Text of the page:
Every fantasy manager frets over their first-round pick more than they likely should, and I’m no exception. After all, the impact of making the wrong choice with your greatest investment is difficult to ignore.
Those who want to make sure they leave the first round with the safest superstar they can find should reorder their draft queue to the rankings below.
1. Trea Turner (SS, Philadelphia Phillies)
Turner has been a rock-solid fantasy contributor the past five seasons. The career .302 hitter can carry a fantasy squad in the batting average category while exceeding the 20-homer plateau, scoring 100 runs and placing among the MLB steals leaders. Relocating from the Dodgers to the Phillies is an upgrade in terms of home park for the 29-year-old, and his new lineup should provide a reasonable facsimile to the one he is leaving.
2. José Ramírez (3B, Cleveland Guardians)
Ramírez gives Turner a run for his money in terms of safety, having ranked among the league leaders in homers, runs, RBIs and steals the past three seasons. He has been a fantasy star for most of the past six years, as his only hiccup was a mediocre performance in 2019. At age 30, Ramírez is primed for another excellent season as the centerpiece of Cleveland’s solid lineup.
3. Freddie Freeman (1B, Los Angeles Dodgers)
A career .298 hitter who has batted over .300 in six of the past seven years, Freeman is arguably the safest source of batting average in the first round. As the centerpiece of a Dodgers lineup that always scores plenty of runs, he should reach the century mark in runs scored and RBIs. Freeman’s homer totals tend to bounce between acceptable and great, which is the only thing that keeps the 33-year-old from topping this list.
4. Kyle Tucker (OF, Houston Astros)
Tucker offers a great combination of a high floor and ceiling. At age 26, he is still young enough to take a step forward. And with 60 homers and 39 steals the past two seasons, he has established a trustworthy foundation of providing an elite power-speed combination. Tucker spent most of last season batting fifth or sixth in the lineup, but sliding into a premium spot could really boost his ceiling.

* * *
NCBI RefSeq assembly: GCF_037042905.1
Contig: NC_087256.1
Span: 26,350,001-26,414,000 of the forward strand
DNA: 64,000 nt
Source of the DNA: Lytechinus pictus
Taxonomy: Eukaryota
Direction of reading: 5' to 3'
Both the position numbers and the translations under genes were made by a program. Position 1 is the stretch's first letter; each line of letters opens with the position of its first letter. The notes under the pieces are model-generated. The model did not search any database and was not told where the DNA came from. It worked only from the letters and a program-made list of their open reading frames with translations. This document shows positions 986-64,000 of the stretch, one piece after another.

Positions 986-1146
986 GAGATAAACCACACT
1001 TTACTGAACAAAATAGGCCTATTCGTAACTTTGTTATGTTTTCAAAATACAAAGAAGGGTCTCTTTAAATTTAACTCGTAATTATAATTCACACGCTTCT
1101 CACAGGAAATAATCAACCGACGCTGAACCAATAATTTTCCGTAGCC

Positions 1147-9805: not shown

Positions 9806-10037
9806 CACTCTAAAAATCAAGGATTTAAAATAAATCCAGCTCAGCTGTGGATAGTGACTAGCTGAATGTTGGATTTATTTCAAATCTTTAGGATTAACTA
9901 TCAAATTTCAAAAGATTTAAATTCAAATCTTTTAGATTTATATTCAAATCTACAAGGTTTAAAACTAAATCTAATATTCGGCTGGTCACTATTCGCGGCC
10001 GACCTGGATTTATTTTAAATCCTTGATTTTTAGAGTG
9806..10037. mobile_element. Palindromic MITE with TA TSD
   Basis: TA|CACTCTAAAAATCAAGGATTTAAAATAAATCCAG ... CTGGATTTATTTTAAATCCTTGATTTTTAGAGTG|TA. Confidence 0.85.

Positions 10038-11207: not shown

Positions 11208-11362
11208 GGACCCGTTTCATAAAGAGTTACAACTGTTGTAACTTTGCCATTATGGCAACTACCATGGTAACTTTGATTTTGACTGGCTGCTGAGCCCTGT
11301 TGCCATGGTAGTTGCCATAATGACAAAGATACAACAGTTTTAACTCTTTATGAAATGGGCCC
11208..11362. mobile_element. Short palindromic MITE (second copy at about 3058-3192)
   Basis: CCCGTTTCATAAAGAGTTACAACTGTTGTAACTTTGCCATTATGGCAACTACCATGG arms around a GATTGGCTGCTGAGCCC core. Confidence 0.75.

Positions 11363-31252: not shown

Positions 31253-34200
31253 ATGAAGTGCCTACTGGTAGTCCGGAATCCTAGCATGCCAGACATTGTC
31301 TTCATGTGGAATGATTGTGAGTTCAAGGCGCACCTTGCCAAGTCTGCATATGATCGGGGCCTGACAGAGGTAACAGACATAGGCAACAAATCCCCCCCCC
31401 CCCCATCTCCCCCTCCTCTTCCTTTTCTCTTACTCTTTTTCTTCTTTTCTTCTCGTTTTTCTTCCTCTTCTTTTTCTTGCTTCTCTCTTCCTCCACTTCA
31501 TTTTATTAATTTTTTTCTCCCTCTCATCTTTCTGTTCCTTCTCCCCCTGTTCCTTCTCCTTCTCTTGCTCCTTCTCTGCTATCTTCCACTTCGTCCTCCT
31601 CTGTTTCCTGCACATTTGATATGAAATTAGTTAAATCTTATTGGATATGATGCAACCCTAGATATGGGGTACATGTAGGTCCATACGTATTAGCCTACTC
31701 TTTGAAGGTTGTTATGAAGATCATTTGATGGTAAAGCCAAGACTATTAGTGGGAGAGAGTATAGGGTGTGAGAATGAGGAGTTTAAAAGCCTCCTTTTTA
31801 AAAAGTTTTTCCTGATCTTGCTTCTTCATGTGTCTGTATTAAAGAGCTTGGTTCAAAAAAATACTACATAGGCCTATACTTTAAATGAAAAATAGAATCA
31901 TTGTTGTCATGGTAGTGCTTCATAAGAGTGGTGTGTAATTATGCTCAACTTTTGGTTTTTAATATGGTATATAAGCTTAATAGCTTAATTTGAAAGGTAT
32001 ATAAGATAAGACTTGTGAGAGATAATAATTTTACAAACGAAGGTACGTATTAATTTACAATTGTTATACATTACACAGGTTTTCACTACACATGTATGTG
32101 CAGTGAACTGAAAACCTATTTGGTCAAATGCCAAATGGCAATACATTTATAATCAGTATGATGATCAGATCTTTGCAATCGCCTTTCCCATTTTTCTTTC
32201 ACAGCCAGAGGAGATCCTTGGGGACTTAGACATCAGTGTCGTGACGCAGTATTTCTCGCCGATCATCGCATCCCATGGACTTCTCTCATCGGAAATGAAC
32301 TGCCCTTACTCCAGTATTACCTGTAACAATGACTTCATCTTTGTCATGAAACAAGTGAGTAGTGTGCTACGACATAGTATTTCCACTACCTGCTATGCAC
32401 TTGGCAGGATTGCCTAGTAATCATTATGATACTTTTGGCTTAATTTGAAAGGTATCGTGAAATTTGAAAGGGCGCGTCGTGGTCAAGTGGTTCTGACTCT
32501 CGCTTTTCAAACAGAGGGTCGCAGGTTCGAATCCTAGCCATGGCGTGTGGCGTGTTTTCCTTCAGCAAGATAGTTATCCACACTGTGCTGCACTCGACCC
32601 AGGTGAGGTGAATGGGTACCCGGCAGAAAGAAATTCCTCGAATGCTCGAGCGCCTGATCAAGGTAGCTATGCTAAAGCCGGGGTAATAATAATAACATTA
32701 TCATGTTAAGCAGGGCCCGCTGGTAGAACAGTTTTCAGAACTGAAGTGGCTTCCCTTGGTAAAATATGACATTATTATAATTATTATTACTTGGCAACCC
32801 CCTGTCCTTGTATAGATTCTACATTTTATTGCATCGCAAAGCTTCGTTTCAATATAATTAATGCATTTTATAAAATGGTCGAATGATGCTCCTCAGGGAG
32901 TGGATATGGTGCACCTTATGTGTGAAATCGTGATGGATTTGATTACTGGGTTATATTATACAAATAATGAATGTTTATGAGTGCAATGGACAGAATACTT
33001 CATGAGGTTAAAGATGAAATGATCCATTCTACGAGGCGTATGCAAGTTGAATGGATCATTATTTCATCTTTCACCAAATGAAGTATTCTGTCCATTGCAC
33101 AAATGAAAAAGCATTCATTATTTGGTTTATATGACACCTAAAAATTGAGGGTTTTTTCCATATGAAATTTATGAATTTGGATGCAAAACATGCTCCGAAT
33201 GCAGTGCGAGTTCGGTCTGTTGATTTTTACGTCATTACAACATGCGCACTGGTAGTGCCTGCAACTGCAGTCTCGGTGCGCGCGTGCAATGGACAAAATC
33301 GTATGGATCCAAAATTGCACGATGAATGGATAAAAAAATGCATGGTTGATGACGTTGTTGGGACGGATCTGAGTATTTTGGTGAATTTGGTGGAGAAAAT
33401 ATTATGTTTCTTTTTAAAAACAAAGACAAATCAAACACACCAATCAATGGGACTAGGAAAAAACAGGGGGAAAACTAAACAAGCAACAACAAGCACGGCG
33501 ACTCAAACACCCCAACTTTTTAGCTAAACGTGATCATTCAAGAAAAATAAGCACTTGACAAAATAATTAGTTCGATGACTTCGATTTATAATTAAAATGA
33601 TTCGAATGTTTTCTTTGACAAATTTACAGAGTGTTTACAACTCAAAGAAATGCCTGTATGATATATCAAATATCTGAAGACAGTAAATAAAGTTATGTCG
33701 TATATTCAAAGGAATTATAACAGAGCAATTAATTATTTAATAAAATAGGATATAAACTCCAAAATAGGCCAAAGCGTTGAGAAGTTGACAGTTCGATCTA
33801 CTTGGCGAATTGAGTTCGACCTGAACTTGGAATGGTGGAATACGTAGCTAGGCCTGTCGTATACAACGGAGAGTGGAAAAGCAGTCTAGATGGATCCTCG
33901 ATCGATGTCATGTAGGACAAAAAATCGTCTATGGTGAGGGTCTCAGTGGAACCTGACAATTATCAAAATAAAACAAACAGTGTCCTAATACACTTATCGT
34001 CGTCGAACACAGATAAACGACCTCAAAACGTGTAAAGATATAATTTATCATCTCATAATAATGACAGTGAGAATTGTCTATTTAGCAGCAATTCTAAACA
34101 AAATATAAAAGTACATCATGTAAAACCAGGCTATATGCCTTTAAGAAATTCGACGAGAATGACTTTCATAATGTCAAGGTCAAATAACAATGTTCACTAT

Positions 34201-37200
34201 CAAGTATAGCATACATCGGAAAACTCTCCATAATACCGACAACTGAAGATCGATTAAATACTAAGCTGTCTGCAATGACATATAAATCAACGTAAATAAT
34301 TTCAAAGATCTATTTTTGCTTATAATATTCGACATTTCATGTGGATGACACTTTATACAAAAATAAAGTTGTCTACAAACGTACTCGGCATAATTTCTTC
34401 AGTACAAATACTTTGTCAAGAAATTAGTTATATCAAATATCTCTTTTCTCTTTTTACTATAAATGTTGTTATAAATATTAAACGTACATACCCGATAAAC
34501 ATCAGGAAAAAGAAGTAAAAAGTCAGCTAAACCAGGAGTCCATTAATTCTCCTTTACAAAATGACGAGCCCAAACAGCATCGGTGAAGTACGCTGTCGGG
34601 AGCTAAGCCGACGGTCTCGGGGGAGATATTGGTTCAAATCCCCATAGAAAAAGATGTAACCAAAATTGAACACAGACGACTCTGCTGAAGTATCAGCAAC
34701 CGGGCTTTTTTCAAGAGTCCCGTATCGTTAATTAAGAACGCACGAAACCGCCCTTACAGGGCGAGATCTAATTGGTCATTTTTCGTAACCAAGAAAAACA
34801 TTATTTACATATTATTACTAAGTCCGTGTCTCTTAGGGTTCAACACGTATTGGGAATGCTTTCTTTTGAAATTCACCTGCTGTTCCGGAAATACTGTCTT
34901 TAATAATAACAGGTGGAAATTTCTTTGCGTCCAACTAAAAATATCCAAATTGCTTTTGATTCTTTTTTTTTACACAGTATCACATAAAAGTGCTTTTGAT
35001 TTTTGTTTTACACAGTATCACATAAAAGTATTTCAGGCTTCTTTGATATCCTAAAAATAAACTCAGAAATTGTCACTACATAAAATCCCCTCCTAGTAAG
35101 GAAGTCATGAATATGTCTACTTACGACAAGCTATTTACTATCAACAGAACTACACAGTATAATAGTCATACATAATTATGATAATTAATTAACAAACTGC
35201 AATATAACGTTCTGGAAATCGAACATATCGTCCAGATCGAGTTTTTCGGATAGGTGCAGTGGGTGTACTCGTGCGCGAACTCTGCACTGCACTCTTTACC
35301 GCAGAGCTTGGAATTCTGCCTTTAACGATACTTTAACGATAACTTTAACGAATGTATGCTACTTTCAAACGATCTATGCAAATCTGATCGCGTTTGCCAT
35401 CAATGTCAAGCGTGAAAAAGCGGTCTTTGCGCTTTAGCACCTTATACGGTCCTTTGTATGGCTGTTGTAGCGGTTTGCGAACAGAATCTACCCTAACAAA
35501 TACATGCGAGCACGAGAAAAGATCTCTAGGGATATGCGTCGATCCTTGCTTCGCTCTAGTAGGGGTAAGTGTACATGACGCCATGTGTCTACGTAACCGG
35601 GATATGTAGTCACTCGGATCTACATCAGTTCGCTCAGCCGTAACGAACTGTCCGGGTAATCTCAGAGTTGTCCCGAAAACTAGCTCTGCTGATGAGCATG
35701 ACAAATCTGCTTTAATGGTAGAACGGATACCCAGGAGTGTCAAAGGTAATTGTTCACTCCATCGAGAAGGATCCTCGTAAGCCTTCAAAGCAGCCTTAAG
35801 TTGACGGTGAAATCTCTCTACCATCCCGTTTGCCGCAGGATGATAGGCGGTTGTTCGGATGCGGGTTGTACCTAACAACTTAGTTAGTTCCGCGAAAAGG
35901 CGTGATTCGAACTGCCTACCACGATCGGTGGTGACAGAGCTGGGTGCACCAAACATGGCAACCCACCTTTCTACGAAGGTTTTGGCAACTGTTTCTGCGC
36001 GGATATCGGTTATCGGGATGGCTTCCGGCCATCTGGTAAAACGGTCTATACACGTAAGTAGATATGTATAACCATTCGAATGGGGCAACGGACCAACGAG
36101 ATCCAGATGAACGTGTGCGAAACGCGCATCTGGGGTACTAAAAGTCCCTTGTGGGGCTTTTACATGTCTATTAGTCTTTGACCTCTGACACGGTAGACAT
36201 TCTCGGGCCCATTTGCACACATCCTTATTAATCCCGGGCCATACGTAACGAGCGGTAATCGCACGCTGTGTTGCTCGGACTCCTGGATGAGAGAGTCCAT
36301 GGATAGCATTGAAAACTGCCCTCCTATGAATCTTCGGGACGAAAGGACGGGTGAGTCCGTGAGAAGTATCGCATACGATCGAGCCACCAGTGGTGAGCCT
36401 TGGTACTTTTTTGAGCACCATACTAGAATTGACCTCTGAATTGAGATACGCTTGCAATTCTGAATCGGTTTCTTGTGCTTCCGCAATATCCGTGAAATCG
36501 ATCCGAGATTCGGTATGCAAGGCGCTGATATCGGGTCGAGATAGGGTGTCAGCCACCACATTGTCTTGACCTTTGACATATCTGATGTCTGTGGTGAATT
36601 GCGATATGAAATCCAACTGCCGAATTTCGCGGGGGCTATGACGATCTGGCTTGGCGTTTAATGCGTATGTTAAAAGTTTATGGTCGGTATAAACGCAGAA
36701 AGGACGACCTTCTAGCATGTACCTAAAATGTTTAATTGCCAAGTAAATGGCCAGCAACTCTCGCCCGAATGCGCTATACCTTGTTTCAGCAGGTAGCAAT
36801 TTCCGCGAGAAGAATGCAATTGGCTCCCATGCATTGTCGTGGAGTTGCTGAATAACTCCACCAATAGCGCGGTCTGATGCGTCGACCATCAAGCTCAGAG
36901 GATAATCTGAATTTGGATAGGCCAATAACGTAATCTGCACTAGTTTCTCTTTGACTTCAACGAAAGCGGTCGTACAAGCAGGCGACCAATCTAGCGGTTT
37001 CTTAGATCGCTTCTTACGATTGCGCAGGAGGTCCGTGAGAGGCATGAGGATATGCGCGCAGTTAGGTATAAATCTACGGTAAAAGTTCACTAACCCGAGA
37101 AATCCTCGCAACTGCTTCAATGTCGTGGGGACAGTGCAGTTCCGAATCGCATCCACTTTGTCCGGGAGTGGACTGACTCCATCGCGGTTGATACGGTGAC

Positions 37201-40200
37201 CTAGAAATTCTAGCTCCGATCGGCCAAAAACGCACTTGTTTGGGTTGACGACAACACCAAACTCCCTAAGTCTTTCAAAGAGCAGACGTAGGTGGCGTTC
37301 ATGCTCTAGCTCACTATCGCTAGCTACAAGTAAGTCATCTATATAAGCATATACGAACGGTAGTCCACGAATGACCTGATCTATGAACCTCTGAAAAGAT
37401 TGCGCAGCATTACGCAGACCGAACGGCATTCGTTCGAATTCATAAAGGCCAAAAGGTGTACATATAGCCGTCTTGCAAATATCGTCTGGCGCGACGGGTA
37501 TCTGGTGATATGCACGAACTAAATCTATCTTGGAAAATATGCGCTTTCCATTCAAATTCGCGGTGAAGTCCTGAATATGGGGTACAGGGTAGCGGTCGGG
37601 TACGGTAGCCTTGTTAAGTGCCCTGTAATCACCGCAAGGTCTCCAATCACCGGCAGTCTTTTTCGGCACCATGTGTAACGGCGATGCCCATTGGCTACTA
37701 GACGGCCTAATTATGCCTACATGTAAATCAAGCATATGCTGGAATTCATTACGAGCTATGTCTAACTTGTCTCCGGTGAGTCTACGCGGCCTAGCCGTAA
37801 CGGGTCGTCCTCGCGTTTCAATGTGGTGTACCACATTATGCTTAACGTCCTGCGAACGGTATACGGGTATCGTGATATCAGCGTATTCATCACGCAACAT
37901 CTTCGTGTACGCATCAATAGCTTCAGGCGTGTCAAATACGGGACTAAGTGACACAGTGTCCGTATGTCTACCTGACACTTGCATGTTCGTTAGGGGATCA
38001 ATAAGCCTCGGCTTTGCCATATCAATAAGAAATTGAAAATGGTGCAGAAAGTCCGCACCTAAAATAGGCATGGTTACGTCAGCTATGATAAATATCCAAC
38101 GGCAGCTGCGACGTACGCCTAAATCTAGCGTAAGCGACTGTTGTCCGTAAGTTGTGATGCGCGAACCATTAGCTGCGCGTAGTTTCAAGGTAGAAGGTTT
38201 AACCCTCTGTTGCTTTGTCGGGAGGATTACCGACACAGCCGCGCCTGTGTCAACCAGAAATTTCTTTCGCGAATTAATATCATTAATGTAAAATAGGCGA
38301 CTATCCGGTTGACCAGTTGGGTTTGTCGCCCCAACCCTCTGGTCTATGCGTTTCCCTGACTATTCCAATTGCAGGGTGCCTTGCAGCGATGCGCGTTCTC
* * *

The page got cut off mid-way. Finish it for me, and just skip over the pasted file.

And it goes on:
5. Vladimir Guerrero Jr. (1B, Toronto Blue Jays)
Guerrero Jr. showed last year that even his disappointing stat lines are pretty good when he hit .274 with 32 homers, 97 RBIs and 90 runs scored. These numbers should serve as the presumed floor for the 23-year-old going forward, as he will log many campaigns that more resemble his 2021 season (48 HR, 111 RBIs, 123 R, .311 BA). I can see the rationale for ignoring Guerrero in the first few selections, but he is a rock-solid option in the second half of Round 1.
6. Mookie Betts (OF, Los Angeles Dodgers)
Betts was terrific last season, when he accumulated 35 homers, 82 RBIs and 117 runs scored. And as Yahoo colleague Scott Pianowski has commented on Betts over the years, even his worst seasons are pretty valuable from a fantasy perspective. Betts no longer swipes bags regularly enough to be a factor in the initial eight or 10 picks, but he is a high-floor option near the Round 1-2 turn.
7. Aaron Judge (OF, New York Yankees)
After hitting .311 with 62 homers, 131 RBIs and 133 runs scored last season, Judge warrants consideration as the No. 1 overall pick. But the imposing slugger remains a greater injury risk than the players who've preceded him in this article, as he missed 142 games in the 2018 through 2020 seasons before establishing an improved durability baseline the past two years.
8. Shohei Ohtani (UTIL, Los Angeles Angels)
Ohtani has shown undeniable skills as a hitter, having produced 80 homers, 193 runs scored, 195 RBIs and 37 steals the past two seasons. And by coming to the plate in all but nine contests across those two years, he has proven that he is capable of being a reliable fantasy star while working out of the rotation. But Ohtani will always come with the risk that an injury on the mound could cause him to miss some starts as the Angels' designated hitter.
9. Juan Soto (OF, San Diego Padres)
Seemingly one of the safest options a year ago, Soto now carries an element of risk. The southpaw slugger performed below expectations for the Nats in 2022 before bottoming out as a member of the Padres and finishing the campaign with an .853 OPS that was by far the worst of his five-year career. I expect Soto to bounce back in his age-24 season, but I can’t move him higher on this list until he returns to form.
10. Julio Rodríguez (OF, Seattle Mariners)
Rodríguez has a sky-high ceiling, but he also has just one year of MLB experience and therefore cannot find his name any higher on this list of MLB superstars. Additionally, the youngster’s rookie season included some highs and lows, such as a .544 OPS in April and a .701 OPS in August. Finally, Rodríguez is known as a speedster but swiped just six bases after July 1 last year.
11. Ronald Acuña Jr. (OF, Atlanta Braves)
Full disclosure: Acuña Jr. is my No. 1 overall player for 2023. I’m willing to look past his warts and grab him as my roster anchor, but I also have to acknowledge that there are significant reasons for concern after he struggled with knee soreness following his April 28, 2022, return from a torn ACL. I expect the 25-year-old to return to being a dominant power-speed asset this year, but I can’t guarantee that it will happen.
12. Yordan Álvarez (OF, Houston Astros)
Álvarez slid down to the bottom of this list when he reported some hand soreness in the initial days of spring training. The ailment raises red flags due to the fact that Álvarez dealt with the same issue last August, when he slumped to a .638 OPS across 23 games. The lefty slugger also played in just two games during the 2020 season and missed a total of 45 contests the past two campaigns.